3 EHR install tips

Since a new EHR system can be so costly, hospital IT executives told Becker's that the key to a successful EHR install is collaboration and keeping the focus on the patient.

Here is the advice three hospital executives gave on installing a new EHR:

Monica Wharton. COO of Methodist Le Bonheur (Memphis, Tenn.): Remember, this is about the patient. As we have gone about this journey, we have been guided by what we call our travel guidelines. Internally, we named our project 'My MLH Passport' internally with the goal of going to our destination. That final destination is really focused on a vision of ensuring our patients are empowered to navigate their healthcare journey. You should stay focused on the patient; the system should be designed for your patients and customers.

For us, it was remembering that it needs to be simplistic, that we want to be efficient, and we want to be consistent as we navigate the process. I think we've also told our team to continue to go slow to go fast and we go slow by following the governance principles that we design to make sure that decision-making is done at the right level within the organization and for the right reason. So we can continue within our organization forward to meet the needs of our patients and their future.

Robert Eardley. CIO of University Hospitals (Cleveland): In most cases, installing a new EHR is a multi-year implementation, so it's important to put in the work during the business case and pre-initiate stage in order to build a plan that can stay relatively consistent. At UH, for example, we had to manage five budgets — one capital throughout as well as four annual operating budgets. 

Also, make sure that in addition to the Epic implementation team, you find and contract with a trusted labor agency for certified trainers and for activation support. This will likely be one of your largest expenses. It's important to really understand your split between capital and operating expense — more than 35 percent of our total budget was operating expense. Find a great implementation advisor who can supplement your implementation team in selected domain areas. Finally, make sure that your overall organization understands the transformational and all-encompassing nature of a full-scale, integrated EHR system.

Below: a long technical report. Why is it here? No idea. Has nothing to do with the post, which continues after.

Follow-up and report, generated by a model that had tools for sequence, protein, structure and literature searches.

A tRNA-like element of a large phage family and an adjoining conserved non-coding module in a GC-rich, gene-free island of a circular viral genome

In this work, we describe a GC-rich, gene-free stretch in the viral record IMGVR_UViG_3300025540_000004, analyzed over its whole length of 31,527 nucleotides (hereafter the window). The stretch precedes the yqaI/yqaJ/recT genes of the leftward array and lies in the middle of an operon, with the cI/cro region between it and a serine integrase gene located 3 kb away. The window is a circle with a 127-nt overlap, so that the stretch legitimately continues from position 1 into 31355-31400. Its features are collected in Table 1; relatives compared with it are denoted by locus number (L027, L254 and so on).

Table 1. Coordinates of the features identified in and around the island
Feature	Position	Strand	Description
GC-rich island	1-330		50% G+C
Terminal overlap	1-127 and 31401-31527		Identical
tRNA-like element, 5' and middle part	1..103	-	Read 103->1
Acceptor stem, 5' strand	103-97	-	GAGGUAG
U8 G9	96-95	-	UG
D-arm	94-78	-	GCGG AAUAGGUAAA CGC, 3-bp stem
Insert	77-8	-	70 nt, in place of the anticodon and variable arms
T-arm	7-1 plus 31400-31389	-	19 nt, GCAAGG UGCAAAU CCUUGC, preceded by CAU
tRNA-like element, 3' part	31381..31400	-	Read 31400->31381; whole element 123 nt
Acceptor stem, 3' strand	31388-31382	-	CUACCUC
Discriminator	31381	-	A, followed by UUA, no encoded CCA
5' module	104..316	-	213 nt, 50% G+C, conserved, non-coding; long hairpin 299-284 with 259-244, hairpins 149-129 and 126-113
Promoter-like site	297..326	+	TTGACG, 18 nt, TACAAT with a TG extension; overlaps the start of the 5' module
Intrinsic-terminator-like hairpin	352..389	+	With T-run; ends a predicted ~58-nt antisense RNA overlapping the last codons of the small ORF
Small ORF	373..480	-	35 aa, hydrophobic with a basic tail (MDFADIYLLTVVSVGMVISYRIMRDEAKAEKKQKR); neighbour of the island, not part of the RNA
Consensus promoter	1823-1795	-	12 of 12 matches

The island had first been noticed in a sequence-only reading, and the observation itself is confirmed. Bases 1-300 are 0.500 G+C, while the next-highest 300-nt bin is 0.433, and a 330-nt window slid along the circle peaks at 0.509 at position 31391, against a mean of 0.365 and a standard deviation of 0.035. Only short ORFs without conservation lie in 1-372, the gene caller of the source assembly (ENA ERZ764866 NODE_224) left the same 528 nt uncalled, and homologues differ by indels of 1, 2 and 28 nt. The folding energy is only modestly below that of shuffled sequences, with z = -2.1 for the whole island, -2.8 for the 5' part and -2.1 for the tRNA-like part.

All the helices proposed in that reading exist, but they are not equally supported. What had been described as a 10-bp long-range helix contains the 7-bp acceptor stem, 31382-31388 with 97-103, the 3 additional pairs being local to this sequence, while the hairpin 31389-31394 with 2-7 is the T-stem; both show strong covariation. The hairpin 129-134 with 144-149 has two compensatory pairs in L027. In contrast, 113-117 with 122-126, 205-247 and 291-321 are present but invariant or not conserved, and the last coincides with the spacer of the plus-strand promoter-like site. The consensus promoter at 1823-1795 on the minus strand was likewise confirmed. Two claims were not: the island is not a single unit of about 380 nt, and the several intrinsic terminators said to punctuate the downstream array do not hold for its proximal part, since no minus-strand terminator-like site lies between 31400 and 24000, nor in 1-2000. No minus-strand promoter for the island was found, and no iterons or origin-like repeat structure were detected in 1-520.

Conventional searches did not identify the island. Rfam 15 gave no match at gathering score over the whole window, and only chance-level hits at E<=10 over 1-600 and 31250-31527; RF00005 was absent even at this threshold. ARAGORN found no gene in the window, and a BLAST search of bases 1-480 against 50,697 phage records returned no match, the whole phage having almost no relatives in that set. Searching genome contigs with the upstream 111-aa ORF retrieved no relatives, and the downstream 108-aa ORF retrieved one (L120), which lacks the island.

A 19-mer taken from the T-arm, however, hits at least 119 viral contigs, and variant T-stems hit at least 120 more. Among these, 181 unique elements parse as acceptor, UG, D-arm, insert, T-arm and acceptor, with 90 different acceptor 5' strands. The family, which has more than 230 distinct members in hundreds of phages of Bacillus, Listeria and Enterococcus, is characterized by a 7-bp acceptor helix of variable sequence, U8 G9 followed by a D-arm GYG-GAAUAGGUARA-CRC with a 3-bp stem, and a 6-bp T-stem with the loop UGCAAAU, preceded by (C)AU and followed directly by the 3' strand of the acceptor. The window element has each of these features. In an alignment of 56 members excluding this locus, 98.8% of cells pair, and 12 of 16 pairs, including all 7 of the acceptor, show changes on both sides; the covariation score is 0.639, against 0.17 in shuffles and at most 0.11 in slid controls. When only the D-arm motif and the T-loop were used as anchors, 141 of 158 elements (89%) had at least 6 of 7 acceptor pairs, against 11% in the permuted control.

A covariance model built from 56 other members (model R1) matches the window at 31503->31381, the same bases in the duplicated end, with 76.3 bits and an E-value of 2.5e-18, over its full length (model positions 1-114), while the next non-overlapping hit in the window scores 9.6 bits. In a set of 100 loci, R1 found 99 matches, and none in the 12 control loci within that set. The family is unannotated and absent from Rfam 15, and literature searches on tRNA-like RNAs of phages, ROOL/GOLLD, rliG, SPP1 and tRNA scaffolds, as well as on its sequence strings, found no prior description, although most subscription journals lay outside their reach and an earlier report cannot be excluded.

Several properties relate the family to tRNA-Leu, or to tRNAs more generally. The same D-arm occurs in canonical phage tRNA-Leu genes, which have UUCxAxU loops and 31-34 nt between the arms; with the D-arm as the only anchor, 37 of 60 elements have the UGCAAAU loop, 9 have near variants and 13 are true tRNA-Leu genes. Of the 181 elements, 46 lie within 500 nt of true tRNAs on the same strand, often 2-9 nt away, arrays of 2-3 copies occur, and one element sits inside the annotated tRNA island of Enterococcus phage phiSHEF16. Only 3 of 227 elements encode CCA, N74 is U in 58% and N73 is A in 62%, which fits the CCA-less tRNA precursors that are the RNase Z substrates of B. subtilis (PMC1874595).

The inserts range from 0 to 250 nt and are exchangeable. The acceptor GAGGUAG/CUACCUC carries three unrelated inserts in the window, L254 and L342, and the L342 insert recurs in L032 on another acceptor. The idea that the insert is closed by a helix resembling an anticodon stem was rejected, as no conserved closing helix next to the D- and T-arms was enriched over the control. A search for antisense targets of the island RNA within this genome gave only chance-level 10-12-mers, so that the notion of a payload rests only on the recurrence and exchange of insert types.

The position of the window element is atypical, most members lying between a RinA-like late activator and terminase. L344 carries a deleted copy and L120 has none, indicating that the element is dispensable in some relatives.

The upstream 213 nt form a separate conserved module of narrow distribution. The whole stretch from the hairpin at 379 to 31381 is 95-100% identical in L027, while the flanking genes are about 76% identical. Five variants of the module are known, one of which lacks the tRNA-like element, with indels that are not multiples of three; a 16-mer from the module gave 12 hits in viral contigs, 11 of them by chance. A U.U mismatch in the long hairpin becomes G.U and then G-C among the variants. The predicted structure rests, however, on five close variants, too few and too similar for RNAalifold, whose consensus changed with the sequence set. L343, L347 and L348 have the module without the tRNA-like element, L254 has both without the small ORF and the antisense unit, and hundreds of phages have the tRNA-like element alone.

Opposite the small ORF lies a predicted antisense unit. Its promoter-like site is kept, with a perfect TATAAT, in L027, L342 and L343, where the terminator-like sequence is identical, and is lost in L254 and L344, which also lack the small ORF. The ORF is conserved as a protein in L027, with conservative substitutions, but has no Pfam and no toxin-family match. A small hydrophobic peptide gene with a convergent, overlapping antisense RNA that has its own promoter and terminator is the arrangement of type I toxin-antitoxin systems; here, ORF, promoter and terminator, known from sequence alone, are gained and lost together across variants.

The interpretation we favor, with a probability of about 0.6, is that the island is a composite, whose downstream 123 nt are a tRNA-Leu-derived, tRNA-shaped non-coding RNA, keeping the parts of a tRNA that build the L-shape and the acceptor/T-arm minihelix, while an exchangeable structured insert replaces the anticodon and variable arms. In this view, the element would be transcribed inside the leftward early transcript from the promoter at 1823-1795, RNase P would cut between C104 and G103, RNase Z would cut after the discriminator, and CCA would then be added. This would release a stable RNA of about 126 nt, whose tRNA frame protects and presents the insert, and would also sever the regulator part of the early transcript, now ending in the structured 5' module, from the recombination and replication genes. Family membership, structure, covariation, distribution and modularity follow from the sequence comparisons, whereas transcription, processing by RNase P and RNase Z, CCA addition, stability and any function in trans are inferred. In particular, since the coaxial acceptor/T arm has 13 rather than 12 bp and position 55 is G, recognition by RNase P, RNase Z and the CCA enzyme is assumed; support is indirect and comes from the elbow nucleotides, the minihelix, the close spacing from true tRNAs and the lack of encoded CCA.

Sergio Melgar. CFO of UMass Memorial Health (Worcester, Mass.): I think you have to start with the reality that the journey is not going to be a short one. It will be a big cost. So in order to succeed, you definitely need to collaborate. You need partnerships. You need to have ownership on the part of all the players that are involved. You need to make sure you have executive buy-in and governance buy-in. If there are issues, if there are big decisions that need to be made, you need people to effectively identify where those decisions are.

You have got to know what you are getting yourself into. It is a long journey, and then you're committed because once you're committed, you have paths you are going to follow. Be aware of your successes and failures so that you learn from others.

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